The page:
Seasonal influenza vaccines
Hopefully, all students enrolled in BIO230 have gotten their annual seasonal flu vaccine. As of January 15th, influenza incidence was reported as “widespread” in 17 states, including Pennsylvania by the Centers for Disease Control in Atlanta, and we have several more weeks of flu season to go before numbers of cases begin to significantly decline. As you likely know, influenza vaccines are typically only good for each year’s influenza outbreak, which is why a new vaccine is necessary each year. The reason that influenza vaccines are only effective against a single season’s outbreak is because the strain of virus is somewhat different from year to year, due to the inherent variability of the virus. Since vaccines are only effective against that year’s strain of virus, and because of the fact that varieties of influenza virus can infect and propagate in a wide variety of mammals and birds, it is unlikely that influenza will ever be a disease that can be eradicated, in the manner that smallpox has been. Which brings me to a fascinating science article that I found via the American Society of Microbiology news website. Researchers at Emory University and the University of Chicago examined the response of patients who had been infected with the H1N1 strain of flu during the 2009 flu season. Nine patients who were sick with this strain of flu were studied for their ability to make immune molecules called antibodies, which are the proteins that help to protect us from infectious diseases via a number of mechanisms. Antibodies are powerful mediators of immunity, but they are also incredibly specific: an antibody which is effective against one influenza virus will not recognize other varieties of influenza virus. This is why we must get a new influenza vaccine each year, as the antibodies we make when we get a flu shot will not be effective against next year’s flu.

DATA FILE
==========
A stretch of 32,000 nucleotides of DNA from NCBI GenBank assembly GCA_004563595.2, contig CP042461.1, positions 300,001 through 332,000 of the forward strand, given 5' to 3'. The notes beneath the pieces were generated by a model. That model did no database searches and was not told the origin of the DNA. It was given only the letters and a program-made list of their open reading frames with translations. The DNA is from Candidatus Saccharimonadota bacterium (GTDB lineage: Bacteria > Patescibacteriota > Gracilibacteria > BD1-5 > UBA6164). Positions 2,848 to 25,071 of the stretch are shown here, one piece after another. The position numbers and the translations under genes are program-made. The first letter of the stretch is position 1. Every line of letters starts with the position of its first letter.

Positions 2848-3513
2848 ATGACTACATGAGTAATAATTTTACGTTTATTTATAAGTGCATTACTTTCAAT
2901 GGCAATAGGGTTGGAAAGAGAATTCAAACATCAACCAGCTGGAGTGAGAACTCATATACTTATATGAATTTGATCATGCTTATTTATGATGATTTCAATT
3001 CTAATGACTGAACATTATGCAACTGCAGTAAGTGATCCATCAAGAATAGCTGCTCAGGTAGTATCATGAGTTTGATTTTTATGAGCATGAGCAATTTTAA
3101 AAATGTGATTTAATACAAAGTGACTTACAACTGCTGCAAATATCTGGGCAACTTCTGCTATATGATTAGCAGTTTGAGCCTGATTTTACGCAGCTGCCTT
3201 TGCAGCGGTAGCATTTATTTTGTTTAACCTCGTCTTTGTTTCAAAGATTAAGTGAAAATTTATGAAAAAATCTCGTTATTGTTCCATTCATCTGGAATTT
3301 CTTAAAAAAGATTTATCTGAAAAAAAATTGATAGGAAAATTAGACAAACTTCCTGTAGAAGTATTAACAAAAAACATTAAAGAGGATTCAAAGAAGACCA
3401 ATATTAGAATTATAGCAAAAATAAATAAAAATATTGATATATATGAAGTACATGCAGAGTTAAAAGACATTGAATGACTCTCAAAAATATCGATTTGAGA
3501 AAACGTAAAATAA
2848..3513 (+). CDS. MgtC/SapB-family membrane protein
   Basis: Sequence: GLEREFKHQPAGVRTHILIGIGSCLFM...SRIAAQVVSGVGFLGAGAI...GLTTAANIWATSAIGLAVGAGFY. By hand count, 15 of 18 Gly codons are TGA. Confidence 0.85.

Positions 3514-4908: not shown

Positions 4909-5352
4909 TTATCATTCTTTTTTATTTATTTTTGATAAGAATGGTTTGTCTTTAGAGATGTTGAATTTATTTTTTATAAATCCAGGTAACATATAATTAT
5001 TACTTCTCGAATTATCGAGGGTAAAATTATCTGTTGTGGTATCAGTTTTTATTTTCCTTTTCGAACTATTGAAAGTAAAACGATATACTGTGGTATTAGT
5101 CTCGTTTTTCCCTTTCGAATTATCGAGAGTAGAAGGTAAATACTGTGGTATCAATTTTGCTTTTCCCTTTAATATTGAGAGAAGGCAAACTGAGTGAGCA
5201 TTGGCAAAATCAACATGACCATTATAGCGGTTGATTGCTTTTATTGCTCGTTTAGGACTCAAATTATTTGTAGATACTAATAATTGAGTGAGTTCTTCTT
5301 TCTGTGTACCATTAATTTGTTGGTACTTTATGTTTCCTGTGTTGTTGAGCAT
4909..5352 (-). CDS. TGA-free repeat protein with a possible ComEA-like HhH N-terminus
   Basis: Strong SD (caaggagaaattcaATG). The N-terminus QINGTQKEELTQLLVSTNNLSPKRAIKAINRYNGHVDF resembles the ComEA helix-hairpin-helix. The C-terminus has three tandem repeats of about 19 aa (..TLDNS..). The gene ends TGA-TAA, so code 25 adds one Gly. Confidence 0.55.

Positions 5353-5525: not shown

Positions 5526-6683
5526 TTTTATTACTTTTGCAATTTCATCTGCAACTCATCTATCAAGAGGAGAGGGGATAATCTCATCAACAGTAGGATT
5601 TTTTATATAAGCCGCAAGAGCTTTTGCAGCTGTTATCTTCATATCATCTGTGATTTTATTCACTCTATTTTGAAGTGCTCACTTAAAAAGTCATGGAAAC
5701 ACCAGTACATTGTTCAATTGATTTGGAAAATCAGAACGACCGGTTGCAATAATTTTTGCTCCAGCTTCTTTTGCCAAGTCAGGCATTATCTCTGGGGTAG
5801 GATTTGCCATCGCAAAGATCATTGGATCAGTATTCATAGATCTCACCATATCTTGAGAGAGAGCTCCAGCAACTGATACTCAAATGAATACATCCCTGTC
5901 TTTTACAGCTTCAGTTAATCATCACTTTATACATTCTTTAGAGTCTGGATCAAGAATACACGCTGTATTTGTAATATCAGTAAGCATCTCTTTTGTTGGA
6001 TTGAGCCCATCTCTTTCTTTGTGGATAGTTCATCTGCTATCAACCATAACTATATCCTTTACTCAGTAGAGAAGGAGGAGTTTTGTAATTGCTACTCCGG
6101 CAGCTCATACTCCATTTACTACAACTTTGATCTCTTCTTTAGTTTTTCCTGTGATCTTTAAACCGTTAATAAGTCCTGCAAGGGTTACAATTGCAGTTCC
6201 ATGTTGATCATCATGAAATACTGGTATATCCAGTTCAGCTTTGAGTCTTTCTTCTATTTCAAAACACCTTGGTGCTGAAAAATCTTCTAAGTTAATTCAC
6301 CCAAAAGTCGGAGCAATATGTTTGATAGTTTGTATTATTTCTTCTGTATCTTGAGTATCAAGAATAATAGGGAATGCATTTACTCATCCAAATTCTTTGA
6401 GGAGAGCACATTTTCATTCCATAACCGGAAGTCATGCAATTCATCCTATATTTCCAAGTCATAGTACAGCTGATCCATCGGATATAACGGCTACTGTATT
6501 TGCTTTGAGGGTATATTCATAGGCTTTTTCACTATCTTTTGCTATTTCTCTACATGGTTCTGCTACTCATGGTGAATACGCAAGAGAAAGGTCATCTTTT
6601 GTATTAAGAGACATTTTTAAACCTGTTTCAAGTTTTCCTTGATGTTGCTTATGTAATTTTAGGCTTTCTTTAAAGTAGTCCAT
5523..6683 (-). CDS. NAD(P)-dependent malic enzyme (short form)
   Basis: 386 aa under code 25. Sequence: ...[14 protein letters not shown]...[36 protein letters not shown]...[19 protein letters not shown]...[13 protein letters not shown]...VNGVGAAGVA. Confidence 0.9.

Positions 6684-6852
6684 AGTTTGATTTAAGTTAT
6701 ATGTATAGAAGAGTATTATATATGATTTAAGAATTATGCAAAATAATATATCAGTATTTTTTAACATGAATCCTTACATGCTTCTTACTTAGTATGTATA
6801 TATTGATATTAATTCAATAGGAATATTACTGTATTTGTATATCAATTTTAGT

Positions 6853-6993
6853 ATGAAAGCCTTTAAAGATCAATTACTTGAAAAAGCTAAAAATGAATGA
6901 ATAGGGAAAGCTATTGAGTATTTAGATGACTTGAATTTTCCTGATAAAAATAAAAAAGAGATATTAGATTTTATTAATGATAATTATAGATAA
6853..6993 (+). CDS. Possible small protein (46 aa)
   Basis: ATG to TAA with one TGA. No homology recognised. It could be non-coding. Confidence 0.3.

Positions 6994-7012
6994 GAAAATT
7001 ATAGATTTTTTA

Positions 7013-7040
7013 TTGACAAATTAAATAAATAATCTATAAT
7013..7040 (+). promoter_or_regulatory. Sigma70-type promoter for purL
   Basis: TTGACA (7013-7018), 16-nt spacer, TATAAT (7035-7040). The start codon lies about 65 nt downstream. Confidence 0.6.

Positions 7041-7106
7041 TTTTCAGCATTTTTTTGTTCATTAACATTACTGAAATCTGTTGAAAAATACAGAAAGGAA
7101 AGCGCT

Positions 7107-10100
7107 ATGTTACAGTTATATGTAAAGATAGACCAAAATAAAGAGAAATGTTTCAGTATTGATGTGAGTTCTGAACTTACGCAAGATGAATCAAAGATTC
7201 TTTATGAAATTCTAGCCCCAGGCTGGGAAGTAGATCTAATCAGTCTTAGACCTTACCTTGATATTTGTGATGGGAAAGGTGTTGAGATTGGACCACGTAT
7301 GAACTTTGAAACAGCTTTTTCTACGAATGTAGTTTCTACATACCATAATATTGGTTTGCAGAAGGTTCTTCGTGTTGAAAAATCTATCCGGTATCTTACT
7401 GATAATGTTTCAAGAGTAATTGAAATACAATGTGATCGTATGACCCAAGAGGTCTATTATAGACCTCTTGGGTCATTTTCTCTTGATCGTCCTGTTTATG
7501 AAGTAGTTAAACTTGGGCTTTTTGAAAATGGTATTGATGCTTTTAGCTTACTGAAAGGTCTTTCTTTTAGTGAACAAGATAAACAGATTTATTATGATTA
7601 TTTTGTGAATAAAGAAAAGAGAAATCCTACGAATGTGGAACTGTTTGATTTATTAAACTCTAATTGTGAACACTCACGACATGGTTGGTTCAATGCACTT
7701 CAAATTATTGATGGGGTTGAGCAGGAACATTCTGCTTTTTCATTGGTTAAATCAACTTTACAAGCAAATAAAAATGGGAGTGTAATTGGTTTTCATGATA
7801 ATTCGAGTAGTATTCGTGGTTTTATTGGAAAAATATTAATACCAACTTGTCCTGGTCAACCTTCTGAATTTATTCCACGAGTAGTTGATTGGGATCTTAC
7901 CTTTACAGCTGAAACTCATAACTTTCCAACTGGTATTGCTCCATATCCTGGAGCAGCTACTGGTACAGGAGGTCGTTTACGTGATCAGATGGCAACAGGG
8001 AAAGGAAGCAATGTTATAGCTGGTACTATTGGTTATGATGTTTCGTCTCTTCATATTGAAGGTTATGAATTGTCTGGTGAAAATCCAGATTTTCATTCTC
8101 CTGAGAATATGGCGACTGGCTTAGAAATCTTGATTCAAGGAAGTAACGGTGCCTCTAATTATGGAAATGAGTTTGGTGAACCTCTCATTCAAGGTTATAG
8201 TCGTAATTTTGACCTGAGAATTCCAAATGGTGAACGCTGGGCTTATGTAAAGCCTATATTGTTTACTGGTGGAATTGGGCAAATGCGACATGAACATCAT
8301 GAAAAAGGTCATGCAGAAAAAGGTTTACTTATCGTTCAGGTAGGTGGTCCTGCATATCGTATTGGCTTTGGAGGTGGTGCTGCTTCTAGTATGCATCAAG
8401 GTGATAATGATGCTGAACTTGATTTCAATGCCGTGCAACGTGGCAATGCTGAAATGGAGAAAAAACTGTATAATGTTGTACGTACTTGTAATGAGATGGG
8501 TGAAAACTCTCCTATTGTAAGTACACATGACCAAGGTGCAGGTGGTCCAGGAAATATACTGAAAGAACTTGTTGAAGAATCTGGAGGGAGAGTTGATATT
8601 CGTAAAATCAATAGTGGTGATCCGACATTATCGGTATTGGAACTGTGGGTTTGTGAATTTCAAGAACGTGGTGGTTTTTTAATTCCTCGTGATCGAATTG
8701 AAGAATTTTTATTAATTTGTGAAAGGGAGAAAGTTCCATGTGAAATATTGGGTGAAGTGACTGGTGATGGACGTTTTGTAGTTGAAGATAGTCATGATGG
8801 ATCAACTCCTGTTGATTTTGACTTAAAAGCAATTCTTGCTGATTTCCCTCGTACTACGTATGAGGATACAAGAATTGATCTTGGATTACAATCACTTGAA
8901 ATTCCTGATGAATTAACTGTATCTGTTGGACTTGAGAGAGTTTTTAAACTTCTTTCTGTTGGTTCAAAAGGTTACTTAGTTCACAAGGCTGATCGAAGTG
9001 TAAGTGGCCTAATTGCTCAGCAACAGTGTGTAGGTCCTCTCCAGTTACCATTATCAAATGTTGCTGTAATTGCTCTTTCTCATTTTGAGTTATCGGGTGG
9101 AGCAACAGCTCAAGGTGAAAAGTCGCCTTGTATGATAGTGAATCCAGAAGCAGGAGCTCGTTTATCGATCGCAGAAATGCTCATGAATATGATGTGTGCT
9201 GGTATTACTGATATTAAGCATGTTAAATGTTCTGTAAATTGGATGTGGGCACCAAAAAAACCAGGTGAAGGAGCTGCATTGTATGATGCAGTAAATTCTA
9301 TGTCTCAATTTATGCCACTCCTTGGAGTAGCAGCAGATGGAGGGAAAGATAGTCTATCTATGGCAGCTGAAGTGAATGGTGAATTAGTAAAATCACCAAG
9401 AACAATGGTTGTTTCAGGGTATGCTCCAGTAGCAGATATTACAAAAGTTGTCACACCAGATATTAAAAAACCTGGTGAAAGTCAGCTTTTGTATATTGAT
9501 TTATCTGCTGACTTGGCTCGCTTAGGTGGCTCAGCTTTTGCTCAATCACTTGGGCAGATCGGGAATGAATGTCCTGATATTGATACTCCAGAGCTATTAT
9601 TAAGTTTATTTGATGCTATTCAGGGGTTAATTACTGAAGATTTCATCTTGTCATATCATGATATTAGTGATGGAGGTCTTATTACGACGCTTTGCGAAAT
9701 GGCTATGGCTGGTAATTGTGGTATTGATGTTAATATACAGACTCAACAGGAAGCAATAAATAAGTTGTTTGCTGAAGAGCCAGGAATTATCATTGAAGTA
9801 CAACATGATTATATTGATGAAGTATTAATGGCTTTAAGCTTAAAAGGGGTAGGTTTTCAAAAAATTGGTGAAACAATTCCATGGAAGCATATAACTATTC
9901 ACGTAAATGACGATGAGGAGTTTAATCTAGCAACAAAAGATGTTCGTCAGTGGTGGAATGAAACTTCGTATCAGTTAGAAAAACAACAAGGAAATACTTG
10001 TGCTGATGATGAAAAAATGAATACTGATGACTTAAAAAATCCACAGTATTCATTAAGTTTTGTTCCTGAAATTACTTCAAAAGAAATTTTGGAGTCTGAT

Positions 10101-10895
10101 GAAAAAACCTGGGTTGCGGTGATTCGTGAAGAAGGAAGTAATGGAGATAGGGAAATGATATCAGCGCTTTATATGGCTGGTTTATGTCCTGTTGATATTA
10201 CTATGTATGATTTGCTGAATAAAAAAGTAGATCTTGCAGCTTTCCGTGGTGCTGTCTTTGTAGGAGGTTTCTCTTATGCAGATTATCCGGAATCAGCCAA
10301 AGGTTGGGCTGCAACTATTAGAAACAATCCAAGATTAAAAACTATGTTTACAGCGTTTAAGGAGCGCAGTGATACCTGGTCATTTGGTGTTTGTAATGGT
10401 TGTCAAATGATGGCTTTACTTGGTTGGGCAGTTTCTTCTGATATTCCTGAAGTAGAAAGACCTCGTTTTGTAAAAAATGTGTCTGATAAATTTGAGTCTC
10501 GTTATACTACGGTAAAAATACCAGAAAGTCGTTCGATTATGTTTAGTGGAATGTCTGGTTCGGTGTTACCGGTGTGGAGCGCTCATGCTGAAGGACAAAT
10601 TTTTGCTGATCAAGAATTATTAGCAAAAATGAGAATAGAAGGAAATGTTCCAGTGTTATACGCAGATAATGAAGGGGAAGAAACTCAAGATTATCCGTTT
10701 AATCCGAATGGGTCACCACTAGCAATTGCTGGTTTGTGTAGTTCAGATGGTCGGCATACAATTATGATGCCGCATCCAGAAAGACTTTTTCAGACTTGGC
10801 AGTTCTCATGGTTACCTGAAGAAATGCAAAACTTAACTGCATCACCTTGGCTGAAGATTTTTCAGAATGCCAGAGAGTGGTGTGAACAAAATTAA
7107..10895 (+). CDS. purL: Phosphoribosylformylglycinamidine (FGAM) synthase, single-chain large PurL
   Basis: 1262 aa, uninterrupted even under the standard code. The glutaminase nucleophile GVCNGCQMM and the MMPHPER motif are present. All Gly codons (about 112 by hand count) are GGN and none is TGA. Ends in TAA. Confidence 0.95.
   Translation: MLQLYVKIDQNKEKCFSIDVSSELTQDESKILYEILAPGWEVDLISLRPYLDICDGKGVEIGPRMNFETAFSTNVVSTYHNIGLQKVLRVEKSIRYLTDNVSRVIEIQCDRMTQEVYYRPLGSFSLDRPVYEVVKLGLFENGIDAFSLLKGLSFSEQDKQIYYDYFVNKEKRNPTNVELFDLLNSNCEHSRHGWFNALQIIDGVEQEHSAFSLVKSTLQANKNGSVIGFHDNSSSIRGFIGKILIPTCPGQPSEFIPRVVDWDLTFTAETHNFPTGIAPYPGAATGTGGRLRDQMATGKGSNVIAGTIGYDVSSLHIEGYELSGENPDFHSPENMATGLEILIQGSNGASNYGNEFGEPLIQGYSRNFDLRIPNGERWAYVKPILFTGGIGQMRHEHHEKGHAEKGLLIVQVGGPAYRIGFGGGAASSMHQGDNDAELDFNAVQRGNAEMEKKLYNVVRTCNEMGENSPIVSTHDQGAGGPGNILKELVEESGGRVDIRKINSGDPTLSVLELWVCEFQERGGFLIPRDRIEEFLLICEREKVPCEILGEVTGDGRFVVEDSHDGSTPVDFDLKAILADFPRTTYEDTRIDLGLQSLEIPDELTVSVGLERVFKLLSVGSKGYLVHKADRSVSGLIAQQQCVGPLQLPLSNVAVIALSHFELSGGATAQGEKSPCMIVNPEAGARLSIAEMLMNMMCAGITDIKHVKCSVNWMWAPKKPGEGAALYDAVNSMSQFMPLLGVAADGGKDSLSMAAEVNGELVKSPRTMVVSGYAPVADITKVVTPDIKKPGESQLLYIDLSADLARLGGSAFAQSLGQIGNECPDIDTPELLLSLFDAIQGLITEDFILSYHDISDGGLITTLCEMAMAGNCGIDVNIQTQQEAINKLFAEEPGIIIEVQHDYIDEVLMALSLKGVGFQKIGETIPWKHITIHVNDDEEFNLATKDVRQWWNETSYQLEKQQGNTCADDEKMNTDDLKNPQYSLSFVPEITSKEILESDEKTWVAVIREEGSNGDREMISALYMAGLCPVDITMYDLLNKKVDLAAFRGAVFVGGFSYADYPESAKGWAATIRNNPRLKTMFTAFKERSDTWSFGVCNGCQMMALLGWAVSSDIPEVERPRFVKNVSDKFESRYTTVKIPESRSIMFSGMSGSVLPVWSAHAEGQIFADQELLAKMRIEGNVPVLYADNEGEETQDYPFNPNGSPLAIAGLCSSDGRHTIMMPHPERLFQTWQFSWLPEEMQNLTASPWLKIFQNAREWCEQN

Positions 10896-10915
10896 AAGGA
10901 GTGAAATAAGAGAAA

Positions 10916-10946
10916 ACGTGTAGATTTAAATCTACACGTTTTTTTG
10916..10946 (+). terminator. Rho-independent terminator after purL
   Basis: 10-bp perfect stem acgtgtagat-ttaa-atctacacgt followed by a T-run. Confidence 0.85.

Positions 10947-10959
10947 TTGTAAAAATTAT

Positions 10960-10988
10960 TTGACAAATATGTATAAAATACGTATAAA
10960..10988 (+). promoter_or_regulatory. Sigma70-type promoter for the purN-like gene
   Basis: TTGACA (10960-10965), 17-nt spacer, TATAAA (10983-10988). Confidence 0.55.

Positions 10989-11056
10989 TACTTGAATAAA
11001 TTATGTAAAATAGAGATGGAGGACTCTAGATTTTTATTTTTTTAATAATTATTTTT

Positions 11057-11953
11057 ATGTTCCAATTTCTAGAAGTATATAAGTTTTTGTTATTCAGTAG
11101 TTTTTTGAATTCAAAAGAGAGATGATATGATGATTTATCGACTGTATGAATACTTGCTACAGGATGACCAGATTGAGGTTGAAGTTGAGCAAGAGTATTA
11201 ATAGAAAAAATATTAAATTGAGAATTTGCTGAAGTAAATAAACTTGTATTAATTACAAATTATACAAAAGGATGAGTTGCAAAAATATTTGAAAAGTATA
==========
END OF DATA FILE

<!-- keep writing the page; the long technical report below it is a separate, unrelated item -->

This is where the story gets interesting. When the researchers examined the antibodies made by these patients against the H1N1 variety of influenza virus, they found several of the antibody types recognized other varieties of influenza virus in a process called “cross-reactivity.” Through very sensitive techniques, the researchers eliminated the possibility that the patients had been infected with one of these other flu types, and that the antibodies being made were in fact due to infection with H1N1. To verify the usefulness of these H1N1 antibodies, researchers put the antibodies into mice, which were then infected with influenza. Mice receiving the antibodies were protected from the effects of the virus.
What is the next step? This isn’t necessarily a novel finding; antibodies which cross-react with different influenza strains have been described before, but not to the same sort of detail as this study does. The studies will likely continue to be confirmed, and the protective nature of the immune response studies in mice and other animal models of influenza infection. At that point, the parts of the virus that induce the production of the protective antibodies seen in this study can be incorporated into the seasonal flu vaccine. This in turn can hopefully lead to the development of a flu vaccine that lasts more than one year, and offers more effective way of protecting the population from this deadly disease.